Liberty Media Lays Out Blueprint for F1's Future at Bahrain Grand Prix
Teams agreed to keep specifics about the plan a secret, so it naturally leaked out in a matter of hours.
A budget cap, cheaper and simpler engines, more standardized parts, and a more equitable distribution of funds: Liberty Media's vision for Formula 1's future from 2021 on is pretty much as expected. However, both the sport's American owner and the teams are keeping their cards close to the vest following their meeting at the Bahrain International Circuit.
"I think we're going to avoid going into specifics of what was discussed this morning", said McLaren director Zak Brown in the team representatives press-conference later on Friday. He stated that it was agreed between the teams, Liberty Media, and governing body FIA to keep the plans under wraps even though the specifics were at that time already being openly discussed in the paddock, outlining the generic brief Liberty put out publicly.
Rumored Rule Changes
Auto, Motor und Sport reports Liberty Media wants to impose a 150 million dollar budget cap, excluding marketing costs and salaries for drivers and key staff. According to the German publication, this would force the big three (Mercedes, Ferrari and Red Bull) as well as Renault and McLaren to cut spending and lay off personnel, but leave the five remaining teams unaffected as they allegedly spend less than $150 million per year currently.
Liberty Media also reportedly wants to significantly reduce the payments the top tier teams—Ferrari first and foremost—receive from Formula 1, with a merit-based bonus system eyed instead. The push for cheaper, simpler engines, meanwhile, follows an earlier and controversial proposal for a new engine formula.
The idea is to stick with hybrid V-6 turbos, but introduce standard turbochargers and batteries while dropping the highly complex MGU-H (which recovers and converts heat energy from exhaust gases). The kinetic braking energy recovery module (MGU-K) will be made more powerful instead.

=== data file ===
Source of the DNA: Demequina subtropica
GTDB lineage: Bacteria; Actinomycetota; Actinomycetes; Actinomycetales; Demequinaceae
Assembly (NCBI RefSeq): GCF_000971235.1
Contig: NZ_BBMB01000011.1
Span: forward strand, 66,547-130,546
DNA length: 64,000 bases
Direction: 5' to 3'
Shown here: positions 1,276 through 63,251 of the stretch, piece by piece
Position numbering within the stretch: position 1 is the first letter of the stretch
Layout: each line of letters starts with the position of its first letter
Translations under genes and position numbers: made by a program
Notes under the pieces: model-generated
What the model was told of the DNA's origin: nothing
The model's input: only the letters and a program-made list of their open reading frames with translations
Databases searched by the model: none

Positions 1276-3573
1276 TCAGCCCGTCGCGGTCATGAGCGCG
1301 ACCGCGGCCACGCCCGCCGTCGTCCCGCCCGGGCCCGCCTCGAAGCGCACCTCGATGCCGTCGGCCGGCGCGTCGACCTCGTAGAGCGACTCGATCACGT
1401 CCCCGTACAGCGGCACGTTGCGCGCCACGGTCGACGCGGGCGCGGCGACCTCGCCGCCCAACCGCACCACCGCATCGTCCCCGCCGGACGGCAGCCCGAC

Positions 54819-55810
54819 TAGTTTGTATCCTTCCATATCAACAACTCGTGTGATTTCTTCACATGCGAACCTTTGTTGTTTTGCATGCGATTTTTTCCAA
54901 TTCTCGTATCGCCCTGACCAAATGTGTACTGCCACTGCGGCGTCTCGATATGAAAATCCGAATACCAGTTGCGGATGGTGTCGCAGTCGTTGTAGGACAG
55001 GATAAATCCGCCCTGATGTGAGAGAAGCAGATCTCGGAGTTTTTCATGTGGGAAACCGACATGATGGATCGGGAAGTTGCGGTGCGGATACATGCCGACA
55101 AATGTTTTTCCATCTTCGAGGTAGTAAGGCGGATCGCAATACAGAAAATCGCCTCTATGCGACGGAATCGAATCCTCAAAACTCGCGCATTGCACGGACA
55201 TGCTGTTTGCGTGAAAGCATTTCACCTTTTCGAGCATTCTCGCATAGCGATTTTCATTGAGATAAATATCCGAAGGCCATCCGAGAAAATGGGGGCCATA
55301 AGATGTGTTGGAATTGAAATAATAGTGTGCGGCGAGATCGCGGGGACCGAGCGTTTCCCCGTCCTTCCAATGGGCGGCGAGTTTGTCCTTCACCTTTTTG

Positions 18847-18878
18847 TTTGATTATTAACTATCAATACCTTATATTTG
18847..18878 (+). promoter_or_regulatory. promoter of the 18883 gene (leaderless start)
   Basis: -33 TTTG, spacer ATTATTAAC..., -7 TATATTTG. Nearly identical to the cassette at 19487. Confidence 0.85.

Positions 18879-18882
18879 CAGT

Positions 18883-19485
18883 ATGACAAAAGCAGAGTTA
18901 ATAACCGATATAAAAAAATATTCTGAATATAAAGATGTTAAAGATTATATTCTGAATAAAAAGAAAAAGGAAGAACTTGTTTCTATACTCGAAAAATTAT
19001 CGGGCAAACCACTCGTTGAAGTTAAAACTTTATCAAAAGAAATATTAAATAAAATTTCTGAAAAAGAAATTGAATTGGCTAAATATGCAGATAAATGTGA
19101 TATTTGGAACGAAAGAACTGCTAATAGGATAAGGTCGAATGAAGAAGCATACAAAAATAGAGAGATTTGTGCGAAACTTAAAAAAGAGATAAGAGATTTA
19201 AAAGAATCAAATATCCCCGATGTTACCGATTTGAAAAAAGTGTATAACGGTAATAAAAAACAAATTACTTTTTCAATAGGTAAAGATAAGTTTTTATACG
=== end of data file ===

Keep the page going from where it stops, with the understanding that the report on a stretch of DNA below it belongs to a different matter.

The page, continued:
Champagne or Compromise?
As for further details, McLaren chief Brown said "there's obviously a lot", but: "We'll do that behind closed doors." F1 wouldn't be F1 without public politicking, however. It didn't take Mercedes team boss Toto Wolff very long to directly respond to the rumored 150 million dollar budget cap—and reject it.
"That number is much too low for the big teams,” Wolff told Sky Sports F1, emphasizing it doesn't include several fields of expenditure. "When you add all the extra bits that are being excluded, you are probably at a much higher number." How much higher? "250 million", said Wolff, calling that number "suddenly not so crazy anymore." The implication being the 150 million is not realistic.
Perhaps most telling, however, was McLaren's Brown stating that "overall the impression is very positive" and Williams' vice team principal Claire Williams ready to "crack open some champagne" if Liberty Media gets these changes through, but Wolff describing the proposal as "a good starting point." Adding that they “need to work with Liberty and find a compromise."
It seems, then, that after months of speculation the summit in the desert kingdom Bahrain has served to have the first clear lines being drawn in the sand. Much will depend on how firm Liberty Media's stance is. Especially in the face of opposition from the closely allied Mercedes and Ferrari, with Ferrari having threatened to leave F1 before Liberty even presented its plans.
It says a lot that Ferrari president Sergio Marchionne wasn't in Bahrain, but his name buzzed around. According to Auto, Motor und Sport, Liberty Media has already shown willing to make financial concessions to Ferrari, but if it'll be enough? To get back to Brown: "I think we'll find out soon enough who's on board and who's not."
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